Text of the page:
Edward JONES

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Fireman Edward JONES 350A, Courtesy MF&RS

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Inscription Police Memorial Toxteth Park cemetery

Courtesy MF&RS

1921

Edward JONES 350A

FIRE ENGINE MISHAP

Whilst returning from Childwall the engine left the road in the darkness and ran up the bank and overturned. One of the firemen Edward JONES 350A was pinned beneath it and was seriously injured, he died later in the Royal Infirmary, he was 36yrs old, and was said to be the heaviest man in the force, his weight being over 18st. An ex-policeman he lived in Kensington and leaves a widow and three children. He had distinguished himself many times at fires in the city, and his loss will be greatly felt.

1921 EDWARD JONES

Connaught Rd, Kensington born 1884, in 1908 joined the City of Liverpool Police as PC 187B, aged 24

Stopped a runaway horse and was awarded a LS&HS medal. 1911 married Elizabeth, 1912 daughter Elsie born, was a member of the Police tug of war team.

1914, Transferred to the Liverpool Fire Brigade as a fireman 350H, taking the late Fireman. Newarks number. 1916, son Harry born, 1917 son Edward born.

1921 Mar 09 Wed - He was the driver of SM No4 at Kildonan Rd. Whilst returning from a, Shin Fein fire at Mr Walter Cunninghams Gorse Hey Farm, Well Lane, Childwall. It proved difficult to climb an incline and Jones reversed to try again, but the machine ran back into a ditch and overturned. He was trapped under the ladders and died later in the Royal Infirmary of injuries received. He was 36 years old and reputedly the heaviest man in the Liverpool Fire Brigade at 18st 5lb, he left a widow and 3 children

March - A medical examination showed that he had died from a fractured skull

March 14th, - Funeral service, his coffin draped with a Union flag was carried on the HD Hose Carriage from his home. As well as a Liverpool Fire Brigade appliance machines from Bootle and Birkenhead Fire Brigades also attended together with a contingent from Manchester. He was buried in the, Firemans grave, in Smithdown Rd Cemetery

Apr 12th, His widow was awarded a pension.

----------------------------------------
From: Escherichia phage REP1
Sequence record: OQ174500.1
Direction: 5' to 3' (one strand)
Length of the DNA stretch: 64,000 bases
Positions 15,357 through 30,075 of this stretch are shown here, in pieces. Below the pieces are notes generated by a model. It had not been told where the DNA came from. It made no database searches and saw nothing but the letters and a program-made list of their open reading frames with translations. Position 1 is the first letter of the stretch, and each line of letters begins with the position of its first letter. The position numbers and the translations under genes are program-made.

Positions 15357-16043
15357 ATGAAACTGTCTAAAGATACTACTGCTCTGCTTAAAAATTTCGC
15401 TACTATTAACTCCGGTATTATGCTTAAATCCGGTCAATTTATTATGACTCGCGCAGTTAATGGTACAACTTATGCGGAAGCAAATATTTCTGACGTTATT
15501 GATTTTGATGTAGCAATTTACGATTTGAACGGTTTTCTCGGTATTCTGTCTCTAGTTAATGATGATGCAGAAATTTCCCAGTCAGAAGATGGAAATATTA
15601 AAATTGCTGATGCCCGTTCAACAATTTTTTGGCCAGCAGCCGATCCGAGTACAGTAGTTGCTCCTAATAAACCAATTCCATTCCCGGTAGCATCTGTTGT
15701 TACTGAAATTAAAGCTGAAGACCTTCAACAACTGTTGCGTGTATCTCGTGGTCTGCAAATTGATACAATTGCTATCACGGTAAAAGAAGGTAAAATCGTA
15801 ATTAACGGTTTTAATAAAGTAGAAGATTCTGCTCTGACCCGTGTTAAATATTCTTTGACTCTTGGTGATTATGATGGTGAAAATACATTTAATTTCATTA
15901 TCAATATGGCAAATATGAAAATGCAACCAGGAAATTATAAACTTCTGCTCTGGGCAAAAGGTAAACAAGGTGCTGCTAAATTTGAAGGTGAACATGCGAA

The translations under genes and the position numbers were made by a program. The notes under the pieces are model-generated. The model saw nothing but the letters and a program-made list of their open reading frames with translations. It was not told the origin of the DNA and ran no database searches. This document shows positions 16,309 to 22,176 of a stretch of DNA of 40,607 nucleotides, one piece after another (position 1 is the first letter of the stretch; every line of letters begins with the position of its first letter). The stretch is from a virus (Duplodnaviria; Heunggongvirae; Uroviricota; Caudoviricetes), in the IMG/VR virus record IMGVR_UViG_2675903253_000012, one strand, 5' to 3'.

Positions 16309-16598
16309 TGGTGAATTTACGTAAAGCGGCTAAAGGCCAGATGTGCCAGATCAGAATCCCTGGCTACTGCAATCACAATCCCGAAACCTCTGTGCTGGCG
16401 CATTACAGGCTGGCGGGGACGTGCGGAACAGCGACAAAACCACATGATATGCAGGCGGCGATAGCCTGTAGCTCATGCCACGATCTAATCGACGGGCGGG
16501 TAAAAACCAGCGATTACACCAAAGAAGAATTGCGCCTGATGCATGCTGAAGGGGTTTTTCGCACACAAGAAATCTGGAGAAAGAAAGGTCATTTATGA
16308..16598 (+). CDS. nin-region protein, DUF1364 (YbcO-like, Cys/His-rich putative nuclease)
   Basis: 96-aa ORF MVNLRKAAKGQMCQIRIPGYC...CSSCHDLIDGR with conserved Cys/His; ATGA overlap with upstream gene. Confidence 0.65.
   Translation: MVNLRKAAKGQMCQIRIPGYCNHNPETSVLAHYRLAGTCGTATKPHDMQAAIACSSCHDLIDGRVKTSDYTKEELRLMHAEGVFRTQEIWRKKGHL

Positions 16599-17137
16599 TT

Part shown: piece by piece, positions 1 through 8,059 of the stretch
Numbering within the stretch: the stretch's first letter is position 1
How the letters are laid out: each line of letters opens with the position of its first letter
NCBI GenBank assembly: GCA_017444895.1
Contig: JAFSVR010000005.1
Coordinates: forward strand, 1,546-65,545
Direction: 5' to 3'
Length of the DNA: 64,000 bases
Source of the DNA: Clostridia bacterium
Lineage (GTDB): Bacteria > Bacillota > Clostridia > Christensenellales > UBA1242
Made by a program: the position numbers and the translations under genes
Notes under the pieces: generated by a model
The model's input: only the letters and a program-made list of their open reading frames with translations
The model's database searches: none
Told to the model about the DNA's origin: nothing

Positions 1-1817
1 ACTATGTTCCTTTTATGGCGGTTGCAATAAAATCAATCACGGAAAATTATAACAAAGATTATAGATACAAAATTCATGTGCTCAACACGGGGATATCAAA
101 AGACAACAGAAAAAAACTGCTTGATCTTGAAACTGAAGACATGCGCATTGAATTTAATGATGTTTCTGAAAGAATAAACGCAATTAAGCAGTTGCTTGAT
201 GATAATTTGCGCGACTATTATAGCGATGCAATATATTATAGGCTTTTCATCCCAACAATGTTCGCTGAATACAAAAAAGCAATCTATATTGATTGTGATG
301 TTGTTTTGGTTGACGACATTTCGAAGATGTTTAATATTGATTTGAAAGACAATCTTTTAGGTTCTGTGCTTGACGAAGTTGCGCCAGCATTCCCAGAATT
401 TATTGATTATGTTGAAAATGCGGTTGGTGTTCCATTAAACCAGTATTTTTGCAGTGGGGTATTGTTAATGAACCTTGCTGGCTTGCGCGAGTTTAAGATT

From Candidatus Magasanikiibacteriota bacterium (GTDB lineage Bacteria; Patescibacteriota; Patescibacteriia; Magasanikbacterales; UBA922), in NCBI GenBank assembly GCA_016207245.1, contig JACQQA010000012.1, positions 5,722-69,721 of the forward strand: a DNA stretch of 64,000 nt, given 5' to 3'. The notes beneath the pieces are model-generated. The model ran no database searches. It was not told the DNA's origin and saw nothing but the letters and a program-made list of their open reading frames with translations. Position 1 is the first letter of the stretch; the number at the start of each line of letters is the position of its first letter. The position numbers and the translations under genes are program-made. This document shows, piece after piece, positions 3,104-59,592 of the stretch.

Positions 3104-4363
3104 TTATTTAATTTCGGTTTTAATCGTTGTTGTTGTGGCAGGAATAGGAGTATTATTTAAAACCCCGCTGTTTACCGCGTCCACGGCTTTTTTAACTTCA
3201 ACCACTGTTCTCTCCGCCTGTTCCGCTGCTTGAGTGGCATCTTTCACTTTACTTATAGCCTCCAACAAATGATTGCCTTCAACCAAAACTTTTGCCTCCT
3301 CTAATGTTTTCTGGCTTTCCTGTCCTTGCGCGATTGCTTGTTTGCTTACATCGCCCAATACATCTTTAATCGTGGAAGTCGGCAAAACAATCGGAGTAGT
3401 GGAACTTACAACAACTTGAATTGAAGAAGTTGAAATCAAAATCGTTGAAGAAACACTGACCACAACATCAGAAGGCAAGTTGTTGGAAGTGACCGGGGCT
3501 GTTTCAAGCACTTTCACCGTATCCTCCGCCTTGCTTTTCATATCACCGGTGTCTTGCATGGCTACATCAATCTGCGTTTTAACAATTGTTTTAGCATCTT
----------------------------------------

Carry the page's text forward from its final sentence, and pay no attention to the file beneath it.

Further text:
Medal, LS&HS Bronze General medal

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On the night of Fireman Edward JONE'S death there were 14 farm fires indicating an incendiary origin, 11 were on the Lancashire side of the Mersey and 3 on the Cheshire side. All fires point to a careful plan, systematically executed, none of the incendiaries were seen at or near the fire which suggests the use of mechanical means, a theory supported by the discovery of a time fuse.

At Crosby 5 arrests were made of men who gave addresses in the area of Waterloo [believed fictitious], on two of the men revolvers were found. The men were detained by the police as they were apparently trying to get back to Liverpool and had almost reached the station platform at the time they were taken into custody.

At Roby a farmer discovered two men acting suspiciously near a haystack belonging to him and fired on them. One was wounded and captured, but the other got away. The captured man had a revolver in his hand and another in his pocket fully loaded. The man who escaped is believed wounded.

The fires stretched over a distance of 13 miles. The first occurred at 7.59 pm, the rest within half an hour. Localities in which they occurred, In Liverpool farms in Strawberry Lane and Mill Lane, West Derby, farm in Heathfield Rd, Wavertree, Farm in Childwall, Farm in Woolton, and Wheathill Farm, Gateacre. Outside the city, Maghull, two at Little Crosby, Roby and Sefton. In Cheshire, Church Farm, Bidston, Sutton's Farm, Leasowe

Parkinson's Farm, Moreton [all in the neighbourhood of Birkenhead and Wallasey] with the exception of the farm at Childwall and that at Gateacre, which were burning at midnight, all the outbreaks had been extinguished by the firemen.

In the case of one fire believed to have been caused by two men who arrived in a motor car, they parked near the farm and walked in the direction of the ricks, not long after they hurried back to their car, soon after a boy who was an eye-witness of their movements, noticed that the ricks were burning.

The brigade and farm servants were in most cases able to keep the flames from spreading to neighbouring farm property. In Wavertree the blazing ricks were in the neighbourhood of stables containing a number of pedigree shire horses, and the animals were removed to a place of safety. In most cases damage is confined to ricks of hay or straw, and to wheat, oats, peas and beans, but in other farms implements have been destroyed. The aggregate loss will reach a high figure, in the case of William John RAINFORD of Crosby, several valuable horses were burned to death. In most cases paraffin and other inflammable spirits had been used.

At Wallasey the brigade were handicapped at one farm by lack of water, the river Birket was dry, when the firemen had exhausted the contents of the farm pone the flames were allowed to do their worst.

The fire at Maghull at Wood End Farm, was speedily discovered and extinguished before much damage could be done, here again a bottle of paraffin was found.

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